JJ Rocks Article # 50:
From St. Croix Music Magazine, Issue # 9, June, 2007
This month I would like to focus on phrasing. Too many players that Iíve seen lately donít seem to understand this easy but rarely used concept. They are playing lines that are not only have no definite beginning or end, and they couldnít repeat the line if their life depended on it. Because they are mainly depending on geometric shapes on their instrument, the whole idea of melodic concepts fly out the window along with the attention of the listener. And if you add the fact that some players think more about speed than they do phrasing, it just amounts to the running of musical mouths that say nothing.
The only time that I ever found myself in that situation is when I mistakenly joined the wrong band and was so bored that I didnít care to focus on phrasing, only beer drinking. Trust me; if you ever find your self in that situation please leave the band! Itís hard enough to generate the flames of a player with good phrasing, so donít pee on the fire by playing with the wrong people.
Hereís what I do when Iím practicing my improvisation. Iíll create a short line with only four or five notes and try to make it as melodic as I can. The type of line depends on if itís over a stationary chord or a chord transition. The main thing is that you try your best to make phrases that you can whistle before you play them on your instrument. Now repeat the exercise until you have four nice lines.
Itís probably best to try this over a simple blues progression. That way you can make three stationary melodies and one thatís transitional. You would place the transitional line right before you go to the ďfourĒ chord in the progression. So if itís a quick change blues where the ďfourĒ chord is in the second measure you would use the transitional first. And if itís a straight blues with the ďoneĒ chord as the first four measures you would use it last. After you get the idea just apply it to various chord changes, songs, levels and styles that you play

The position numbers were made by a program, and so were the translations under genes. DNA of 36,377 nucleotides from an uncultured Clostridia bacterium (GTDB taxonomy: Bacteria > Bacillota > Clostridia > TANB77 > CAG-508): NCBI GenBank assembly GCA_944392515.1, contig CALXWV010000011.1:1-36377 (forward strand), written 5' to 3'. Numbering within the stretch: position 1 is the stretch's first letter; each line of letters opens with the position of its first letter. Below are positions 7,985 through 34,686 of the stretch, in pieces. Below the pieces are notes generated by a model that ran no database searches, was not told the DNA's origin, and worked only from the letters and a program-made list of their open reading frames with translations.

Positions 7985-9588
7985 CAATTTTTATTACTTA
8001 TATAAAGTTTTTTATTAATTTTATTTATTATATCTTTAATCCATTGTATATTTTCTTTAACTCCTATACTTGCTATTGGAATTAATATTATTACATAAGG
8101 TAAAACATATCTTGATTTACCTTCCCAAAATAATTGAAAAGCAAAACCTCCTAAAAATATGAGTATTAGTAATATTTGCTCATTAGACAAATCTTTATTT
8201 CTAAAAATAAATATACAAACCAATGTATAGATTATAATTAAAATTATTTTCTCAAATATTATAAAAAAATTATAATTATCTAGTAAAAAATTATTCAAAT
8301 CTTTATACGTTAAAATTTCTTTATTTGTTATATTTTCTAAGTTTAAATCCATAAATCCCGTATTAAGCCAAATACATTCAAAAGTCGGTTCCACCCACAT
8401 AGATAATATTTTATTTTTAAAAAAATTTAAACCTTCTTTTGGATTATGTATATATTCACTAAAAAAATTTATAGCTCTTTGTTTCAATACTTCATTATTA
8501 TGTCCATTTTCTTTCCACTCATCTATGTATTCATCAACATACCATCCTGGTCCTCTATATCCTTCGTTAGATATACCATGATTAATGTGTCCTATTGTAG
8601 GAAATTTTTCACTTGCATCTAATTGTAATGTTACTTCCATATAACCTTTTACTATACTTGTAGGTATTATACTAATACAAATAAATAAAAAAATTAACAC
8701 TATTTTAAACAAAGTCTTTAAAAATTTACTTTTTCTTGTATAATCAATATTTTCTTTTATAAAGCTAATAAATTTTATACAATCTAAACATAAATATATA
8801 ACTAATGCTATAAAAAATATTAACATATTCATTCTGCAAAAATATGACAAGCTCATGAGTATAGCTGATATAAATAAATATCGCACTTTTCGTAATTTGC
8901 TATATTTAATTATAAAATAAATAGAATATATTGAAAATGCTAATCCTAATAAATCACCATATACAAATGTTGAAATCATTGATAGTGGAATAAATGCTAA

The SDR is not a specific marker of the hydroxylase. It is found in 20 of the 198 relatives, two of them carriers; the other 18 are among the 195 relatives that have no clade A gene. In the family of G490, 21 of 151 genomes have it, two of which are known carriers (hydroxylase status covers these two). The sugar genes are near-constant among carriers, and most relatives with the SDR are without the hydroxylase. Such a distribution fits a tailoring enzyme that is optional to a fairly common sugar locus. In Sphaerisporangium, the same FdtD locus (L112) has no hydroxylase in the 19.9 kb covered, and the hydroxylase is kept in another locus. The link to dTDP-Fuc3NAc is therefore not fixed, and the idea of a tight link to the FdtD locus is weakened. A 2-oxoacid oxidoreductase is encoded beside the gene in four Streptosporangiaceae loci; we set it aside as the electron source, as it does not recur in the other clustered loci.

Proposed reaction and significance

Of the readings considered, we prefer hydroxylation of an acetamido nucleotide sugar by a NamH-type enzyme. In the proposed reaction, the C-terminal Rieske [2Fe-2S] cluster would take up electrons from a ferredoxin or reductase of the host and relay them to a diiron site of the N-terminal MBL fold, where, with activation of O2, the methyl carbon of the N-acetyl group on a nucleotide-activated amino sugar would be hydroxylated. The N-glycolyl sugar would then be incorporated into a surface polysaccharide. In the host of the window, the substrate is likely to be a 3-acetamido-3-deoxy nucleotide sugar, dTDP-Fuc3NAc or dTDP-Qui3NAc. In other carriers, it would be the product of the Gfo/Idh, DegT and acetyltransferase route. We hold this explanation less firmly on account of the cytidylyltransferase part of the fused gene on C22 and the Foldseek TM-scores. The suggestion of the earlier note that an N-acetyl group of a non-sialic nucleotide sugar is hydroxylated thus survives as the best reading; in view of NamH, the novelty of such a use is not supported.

Now donít forget that transitional lines that lead from one chord to another are what separate the players with a seasoned sound from the ones who sound like amateurs because it shows that you are in control of your improvisation. And even though improvisation is spontaneous, it still has to come from a well thatís deep with solo quenching ideas that were perfected at an earlier time. That way when you dip into the bucket of spontaneity you will be sure that there are no unpleasant surprises.
Before you can accomplish that level of playing you must first be able to repeat any phrase that you play. So go ahead and play any lick that comes to mind. Now, can you play it exactly the same way again without fishing for the notes? If you canít then itís not the real you. Itís just a visual pattern combined with gravity and forward motion that hurled you through a mindless phrase. And if you think about it that way it just might encourage you to want to try these exercises. The great Joe Pass often mentioned the fact that if you canít repeat a phrase then itís not your music. It didnít come from your head or your heart. And most you know how many times youíve have heard mindless licks that hide behind speed in order to fool the average listener into thinking that they are hearing a great musician.
As far as transitional phrases, I will go into more detail at a later time. And if you canít come up with any short melodic phrases just try to play four notes of any jingle, TV theme, Christmas song or a catchy pop melody. Then you will at least have intervals that are much more interesting than something that comes from a geometric box. Once you learn some melodies then you can twist and turn them rhythmically, play them backwards or even from the inside out. However you look at it you will still be escaping the dreadful pentatonic prison.
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JJ Rocks Article # 50: